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I have started working on the Decision Tree Regressor and KNN Regressor.

I have built the model and not sure what are the metrics needs to be considered for evaluation. As of now I have considered Root mean squared error.

Can we use $R^2$ values for Decision Tree and KNN or is it applicable only to Linear Regression Model

I have also pasted the $R^2$ and MSE values. As per my understanding Linear regression model is stable, Decision tree is over fitting and KNN is having less error. Which model needs to be considered here?

R2 Score for train - KNN regression 0.8215942683102192
R2 Score for test - KNN regression 0.7160388084850589
Mean squared error for train - KNN regression 49.92162362176166
Mean squared error for test - KNN regression 78.30907381395349

R2 Score for train - linear regression 0.6141419744748021
R2 Score for test - linear regression 0.6117893766210736
Mean squared error for train - linear regression 107.97107771851036
Mean squared error for test - linear regression 107.0583420197463

R2 Score for train - Decision Tree regression 0.9962039204515297
R2 Score for test - Decision Tree regression 0.7866182225490949
Mean squared error for train - Decision tree regression 1.0622217832469776
Mean squared error for test  - Decision tree regression 58.84511637596899

Updating the AIC and BIC values

AIC value - Test - KNN       :   -3.8272461328797505
BIC value - Test - KNN       :   1169.4748549110836
AIC value - Test - Linear Reg:   -4.452667046616746
BIC value - Test - Linear Reg:   1250.154152783156
AIC value - Test - Decision T:   -3.2766787253336602
BIC value - Test - Decision T:   1098.4516593376377

Thank you.

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Generally when ever we are trying to compare between models and to choose the best one, we go for other metrics like AIC, BIC, AUC(this is not applicable as it is used for classification algorithm) etc along with $R^2$.

Now why are they important criteria because AIC tries to select the model that most adequately describes an unknown, high dimensional reality. This means that reality is never in the set of candidate models that are being considered. On the contrary, BIC tries to find the TRUE model among the set of candidates. I find it quite odd the assumption that reality is instantiated in one of the model that the researchers built along the way. This is a real issue for BIC.

Generally we use both AIC and BIC together.

you can got through this Link to understand better on AIC, BIC and which is better but conclusion is both are important.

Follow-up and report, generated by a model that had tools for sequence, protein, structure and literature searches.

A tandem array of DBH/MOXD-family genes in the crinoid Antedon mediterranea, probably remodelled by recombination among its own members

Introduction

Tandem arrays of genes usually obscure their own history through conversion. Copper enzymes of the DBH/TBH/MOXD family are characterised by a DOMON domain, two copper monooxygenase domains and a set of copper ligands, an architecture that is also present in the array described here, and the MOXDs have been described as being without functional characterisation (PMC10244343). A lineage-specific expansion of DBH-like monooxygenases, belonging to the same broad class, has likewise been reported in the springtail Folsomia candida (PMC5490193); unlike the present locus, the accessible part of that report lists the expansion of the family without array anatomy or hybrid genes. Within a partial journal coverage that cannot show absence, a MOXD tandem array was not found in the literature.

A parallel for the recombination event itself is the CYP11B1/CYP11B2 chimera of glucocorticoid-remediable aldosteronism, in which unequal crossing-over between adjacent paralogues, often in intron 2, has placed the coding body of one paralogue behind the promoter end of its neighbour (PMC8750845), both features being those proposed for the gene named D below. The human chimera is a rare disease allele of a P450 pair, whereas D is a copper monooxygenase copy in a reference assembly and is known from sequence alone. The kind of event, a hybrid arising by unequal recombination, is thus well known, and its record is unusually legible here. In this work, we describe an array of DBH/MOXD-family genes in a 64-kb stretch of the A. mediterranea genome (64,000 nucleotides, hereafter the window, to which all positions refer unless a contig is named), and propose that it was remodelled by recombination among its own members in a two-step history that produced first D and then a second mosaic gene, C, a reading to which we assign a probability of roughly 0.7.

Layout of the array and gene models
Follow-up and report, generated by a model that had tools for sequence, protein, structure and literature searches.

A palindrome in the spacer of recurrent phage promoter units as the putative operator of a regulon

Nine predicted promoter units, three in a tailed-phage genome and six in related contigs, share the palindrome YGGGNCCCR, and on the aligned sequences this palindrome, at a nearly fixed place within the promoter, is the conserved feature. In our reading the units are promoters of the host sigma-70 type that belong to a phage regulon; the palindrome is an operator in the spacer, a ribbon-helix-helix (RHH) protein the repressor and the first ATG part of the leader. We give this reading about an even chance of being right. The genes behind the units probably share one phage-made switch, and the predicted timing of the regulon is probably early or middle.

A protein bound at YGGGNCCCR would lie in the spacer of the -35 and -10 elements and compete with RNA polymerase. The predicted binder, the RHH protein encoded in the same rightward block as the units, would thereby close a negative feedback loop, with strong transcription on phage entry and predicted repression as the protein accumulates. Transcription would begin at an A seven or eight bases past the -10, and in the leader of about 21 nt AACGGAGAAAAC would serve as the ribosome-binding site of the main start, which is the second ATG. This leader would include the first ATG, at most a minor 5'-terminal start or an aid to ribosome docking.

Now when we compare between $R^2$ and AIC value:

$R^2$ and AIC are answering two different questions. I want to keep this breezy and non-mathematical, so my statements are non-mathematical. $R^2$ is saying something to the effect of how well your model explains the observed data. If the model is regression and non-adjusted $R^2$ is used, then this is correct on the nose.
AIC, on the other hand, is trying to explain how well the model will predict on new data. That is, AIC is a measure of how well the model will fit new data, not the existing data. Lower AIC means that a model should have improved prediction.

Frequently, adding more variables decreases predictive accuracy and in that case the model with higher $R^2$ will have a higher (worse) AIC. A nice example of this is in "Introduction to Statistical Learning with R" in the chapter on regression models including 'best subset' and regularization. They do a pretty thorough analysis of the 'hitters' data set. One can also do a thought experiment. Imagine one is trying to predict output on the basis of some known variables. Adding noise variables to the fit will increase $R^2$, but it will also decrease predictive power of the model. Thus the model with noise variables will have higher $R^2$ and higher AIC.

To understand more with respect to the above explanation, you can go through this Link

I have also pasted the R2 and MSE values. As per my understanding Linear regression model is stable, Decision tree is over fitting and KNN is having less error. Which model needs to be considered here?

To answer this I think you need to derive AIC and BIC values and finally you can decide on which model to choose.

To derive the AIC value for Linear Regression can be done by using OLS, as the value of AIC is directly available.

If you want to derive, you can go through this Link

AIC:

$AIC= 2k - 2ln(sse)$

where k= number of variables

BIC:

$BIC = n * ln(sse/n) + k * ln(n)$

Do let me know if have any additional questions.

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  • $\begingroup$ Thank you so much for the detailed explanation. I got some real useful insights now. I will try to derive the AIC and BIC, will update you soon. $\endgroup$ – deepguy May 10 '18 at 6:02
  • $\begingroup$ sure, I've appended the links with respect to formulas on how to derive etc. $\endgroup$ – Toros91 May 10 '18 at 6:03
  • $\begingroup$ Thank you one more time. AIC and BIC should be calculated only on Test data set right ? $\endgroup$ – deepguy May 10 '18 at 6:11
  • $\begingroup$ yes, in this Link you can see how can you derive them $\endgroup$ – Toros91 May 10 '18 at 6:17
  • $\begingroup$ I have derived the AIC and BIC values and just updated the question with the output. Could you please have a look. I have calculated all the values for Test data, so n = number of samples in test data $\endgroup$ – deepguy May 10 '18 at 7:03

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